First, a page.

Health Communication Innovation Webinar: Gaming
What if the process for facilitating healthy behavior change was as simple as playing a game? Increasingly, games and gamification techniques are being used to engage individuals and spread awareness of serious subjects. Competition and incentives make playing games fun and rewarding while the subject matter increases knowledge of health issues and can actually help spur behavior change.
On December 3rd, HC3 hosted a webinar on gaming techniques in health, the third installment of a health communication innovation webinar series. The event was moderated by Dr. Mike Christel, Teaching Professor at the Entertainment Technology Center (ETC) at Carnegie Mellon University. Three expert panelists spoke about their initiatives and experience with gaming.
Sherry Youssef, a youth and workforce specialist, described her work developing a city-building game in Jordan, called Our City. It targets youth and the goal of the game is to build a vibrant, working city, keeping in mind several aspects of civic engagement such as health, employment and public safety. Sherry explained that as youth played the game, the learning experience encouraged critical thinking that is eventually translated into action in the real world. The users can utilize lessons learned from building a virtual city as a guide for how to improve civic services around them. While users interact with one another virtually, they are also able to ground their online activities with face-to-face interaction that could eventually lead to more positive and productive personal interactions. For more information on Our City, watch this YouTube video.
Dr. Parvati Dev, President and CEO of Innovation in Learning Inc., spoke regarding serious games. She contended that there is almost no situation that cannot be cast as a game and made into an interactive learning experience. From clinical service delivery to emergency response, Parvati explained how users of games can take what they learn virtually and execute it in a real world situation. The chart below illustrates results from a study demonstrating similar results in pre and post performance for students who used a mannequin vs. those who participated in a virtual learning simulation:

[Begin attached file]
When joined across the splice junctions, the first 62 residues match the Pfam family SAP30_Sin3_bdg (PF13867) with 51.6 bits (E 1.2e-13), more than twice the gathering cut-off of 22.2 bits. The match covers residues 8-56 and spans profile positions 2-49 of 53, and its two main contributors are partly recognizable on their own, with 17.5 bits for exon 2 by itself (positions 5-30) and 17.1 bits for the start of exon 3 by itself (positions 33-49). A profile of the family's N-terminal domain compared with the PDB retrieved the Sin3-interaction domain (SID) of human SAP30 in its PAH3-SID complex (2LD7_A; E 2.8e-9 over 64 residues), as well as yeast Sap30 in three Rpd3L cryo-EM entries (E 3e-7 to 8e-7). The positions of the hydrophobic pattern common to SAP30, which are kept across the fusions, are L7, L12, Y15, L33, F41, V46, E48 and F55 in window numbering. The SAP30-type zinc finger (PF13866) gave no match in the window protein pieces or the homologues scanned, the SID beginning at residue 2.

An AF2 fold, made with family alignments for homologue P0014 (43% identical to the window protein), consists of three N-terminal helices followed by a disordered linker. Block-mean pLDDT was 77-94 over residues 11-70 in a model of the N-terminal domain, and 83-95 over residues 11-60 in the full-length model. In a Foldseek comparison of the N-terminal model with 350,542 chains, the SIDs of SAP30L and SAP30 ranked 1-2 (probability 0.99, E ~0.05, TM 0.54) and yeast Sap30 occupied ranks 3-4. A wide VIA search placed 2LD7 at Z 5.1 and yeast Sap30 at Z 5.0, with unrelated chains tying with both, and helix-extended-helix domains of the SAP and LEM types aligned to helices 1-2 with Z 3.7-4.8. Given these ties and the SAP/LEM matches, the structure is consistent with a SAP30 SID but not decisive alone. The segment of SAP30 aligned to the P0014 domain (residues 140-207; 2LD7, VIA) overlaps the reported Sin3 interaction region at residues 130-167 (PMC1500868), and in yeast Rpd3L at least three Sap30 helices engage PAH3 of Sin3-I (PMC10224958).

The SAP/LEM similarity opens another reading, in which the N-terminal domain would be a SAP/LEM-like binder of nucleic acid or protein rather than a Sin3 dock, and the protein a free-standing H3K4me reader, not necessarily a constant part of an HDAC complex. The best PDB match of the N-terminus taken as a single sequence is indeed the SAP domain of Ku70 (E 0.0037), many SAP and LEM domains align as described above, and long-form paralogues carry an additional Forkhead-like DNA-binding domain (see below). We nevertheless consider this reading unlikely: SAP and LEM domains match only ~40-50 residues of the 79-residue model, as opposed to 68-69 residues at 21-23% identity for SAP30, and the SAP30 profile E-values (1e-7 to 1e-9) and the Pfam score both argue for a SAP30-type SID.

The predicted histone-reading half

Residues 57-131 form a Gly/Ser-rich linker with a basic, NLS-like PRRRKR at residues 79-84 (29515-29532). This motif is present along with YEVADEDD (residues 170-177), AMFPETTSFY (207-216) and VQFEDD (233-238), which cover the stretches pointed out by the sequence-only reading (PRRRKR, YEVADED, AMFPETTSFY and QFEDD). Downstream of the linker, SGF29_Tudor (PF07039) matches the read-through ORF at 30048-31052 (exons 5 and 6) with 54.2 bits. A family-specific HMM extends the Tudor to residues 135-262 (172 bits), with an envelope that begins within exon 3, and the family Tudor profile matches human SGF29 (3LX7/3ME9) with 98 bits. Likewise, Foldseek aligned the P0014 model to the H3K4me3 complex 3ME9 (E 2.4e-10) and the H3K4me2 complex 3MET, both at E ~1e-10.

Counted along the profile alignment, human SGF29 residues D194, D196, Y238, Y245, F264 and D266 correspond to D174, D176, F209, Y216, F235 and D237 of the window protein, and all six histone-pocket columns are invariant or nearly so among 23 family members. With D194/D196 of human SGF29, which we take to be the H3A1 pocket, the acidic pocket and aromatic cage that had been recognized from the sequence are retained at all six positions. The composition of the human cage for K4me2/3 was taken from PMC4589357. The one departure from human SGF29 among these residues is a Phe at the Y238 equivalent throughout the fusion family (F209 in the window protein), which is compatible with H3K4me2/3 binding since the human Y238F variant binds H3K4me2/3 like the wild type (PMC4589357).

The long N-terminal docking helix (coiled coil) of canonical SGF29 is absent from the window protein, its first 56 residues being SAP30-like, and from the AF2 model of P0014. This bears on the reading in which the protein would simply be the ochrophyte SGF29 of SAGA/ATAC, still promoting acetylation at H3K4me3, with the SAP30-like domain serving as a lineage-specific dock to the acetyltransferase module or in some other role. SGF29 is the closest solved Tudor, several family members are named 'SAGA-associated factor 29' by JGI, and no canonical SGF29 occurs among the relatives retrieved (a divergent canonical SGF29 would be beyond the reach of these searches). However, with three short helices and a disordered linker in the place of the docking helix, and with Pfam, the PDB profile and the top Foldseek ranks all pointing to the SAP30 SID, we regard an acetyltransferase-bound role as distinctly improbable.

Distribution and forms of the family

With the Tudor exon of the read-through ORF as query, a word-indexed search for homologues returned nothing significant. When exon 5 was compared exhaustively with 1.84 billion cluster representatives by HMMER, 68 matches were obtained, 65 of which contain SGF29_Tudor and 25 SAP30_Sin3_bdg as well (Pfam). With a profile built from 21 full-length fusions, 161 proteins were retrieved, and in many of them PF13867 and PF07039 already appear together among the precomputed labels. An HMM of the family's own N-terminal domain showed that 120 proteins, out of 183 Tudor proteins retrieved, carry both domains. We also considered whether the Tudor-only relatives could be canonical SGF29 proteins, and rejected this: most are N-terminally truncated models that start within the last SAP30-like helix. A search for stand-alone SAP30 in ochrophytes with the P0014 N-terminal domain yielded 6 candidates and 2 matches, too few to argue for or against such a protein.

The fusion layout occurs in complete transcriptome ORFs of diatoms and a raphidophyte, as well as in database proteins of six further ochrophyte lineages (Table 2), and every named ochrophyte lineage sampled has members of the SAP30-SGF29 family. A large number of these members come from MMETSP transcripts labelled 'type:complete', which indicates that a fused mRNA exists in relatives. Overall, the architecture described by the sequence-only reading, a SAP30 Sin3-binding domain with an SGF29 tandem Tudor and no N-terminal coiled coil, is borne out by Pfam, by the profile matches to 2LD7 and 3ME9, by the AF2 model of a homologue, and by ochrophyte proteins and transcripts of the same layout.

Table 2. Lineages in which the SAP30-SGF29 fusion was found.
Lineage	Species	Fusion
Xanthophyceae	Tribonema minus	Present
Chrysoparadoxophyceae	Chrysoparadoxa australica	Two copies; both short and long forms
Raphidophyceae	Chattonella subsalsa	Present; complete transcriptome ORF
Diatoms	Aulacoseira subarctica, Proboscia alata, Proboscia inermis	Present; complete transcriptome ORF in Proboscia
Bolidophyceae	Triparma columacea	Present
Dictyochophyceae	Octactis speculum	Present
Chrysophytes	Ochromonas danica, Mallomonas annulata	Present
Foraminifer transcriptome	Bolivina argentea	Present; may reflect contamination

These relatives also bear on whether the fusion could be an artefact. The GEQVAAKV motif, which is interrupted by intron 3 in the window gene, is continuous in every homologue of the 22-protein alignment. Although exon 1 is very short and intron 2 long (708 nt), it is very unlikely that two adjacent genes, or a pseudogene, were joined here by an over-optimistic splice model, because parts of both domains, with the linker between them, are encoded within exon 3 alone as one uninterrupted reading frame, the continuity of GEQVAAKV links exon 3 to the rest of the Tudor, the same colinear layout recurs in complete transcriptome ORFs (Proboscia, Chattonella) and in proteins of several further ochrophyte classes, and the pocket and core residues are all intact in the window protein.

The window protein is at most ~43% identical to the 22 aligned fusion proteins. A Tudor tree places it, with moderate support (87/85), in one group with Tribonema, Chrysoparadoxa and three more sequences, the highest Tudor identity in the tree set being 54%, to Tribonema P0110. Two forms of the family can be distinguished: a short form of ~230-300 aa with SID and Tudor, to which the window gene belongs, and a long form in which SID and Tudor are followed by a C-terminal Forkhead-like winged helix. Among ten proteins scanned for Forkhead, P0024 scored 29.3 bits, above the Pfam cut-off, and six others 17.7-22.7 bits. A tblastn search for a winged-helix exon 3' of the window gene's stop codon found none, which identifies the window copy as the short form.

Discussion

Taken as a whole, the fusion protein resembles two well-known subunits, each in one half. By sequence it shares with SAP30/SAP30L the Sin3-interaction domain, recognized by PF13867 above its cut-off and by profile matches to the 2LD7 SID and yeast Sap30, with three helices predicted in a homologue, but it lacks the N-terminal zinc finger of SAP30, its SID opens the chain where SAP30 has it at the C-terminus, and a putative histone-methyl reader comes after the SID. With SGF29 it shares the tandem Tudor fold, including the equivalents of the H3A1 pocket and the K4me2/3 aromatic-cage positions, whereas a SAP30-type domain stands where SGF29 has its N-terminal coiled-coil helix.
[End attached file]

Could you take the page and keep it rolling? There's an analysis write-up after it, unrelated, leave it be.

The final panelist was Diane Tucker, Director of the Serious Games Initiative at the Woodrow Wilson Center. She described that games have the potential to increase knowledge, particularly for certain populations, which can lead to increases in self-efficacy and, ultimately, behavioral change. As an example, she explained that adolescents with cancer often de-prioritize their disease which results in poor adherence to treatment or not fully reporting how they might be feeling, leading to decreased survival rates. In order to address these challenges, a game was created that featured avatars that closely resembled the users. By using avatars that looked like them, users felt more closely connected with the game and more engaged with the issues the game was addressing. This game used the avatar to illustrate how chemotherapy and other treatment works to kill cancer cells and therefore, emphasize why adherence to treatment is crucial. The result was a significant increase in knowledge and an increased feeling of empowerment that led users to prioritize their disease higher and increase their self-efficacy in managing their disease.
The 120 participants of the webinar participated in a 20-minute question and answer session moderated by Dr. Christel. Questions included topics such as evaluating behavior change, cost of games, and how to focus games to specific populations. To learn more about the presentations and see additional materials, please see the attachments to this blog post.
Dr. Mike Christel’s Presentation
Dr. Parvati Dev’s Presentation
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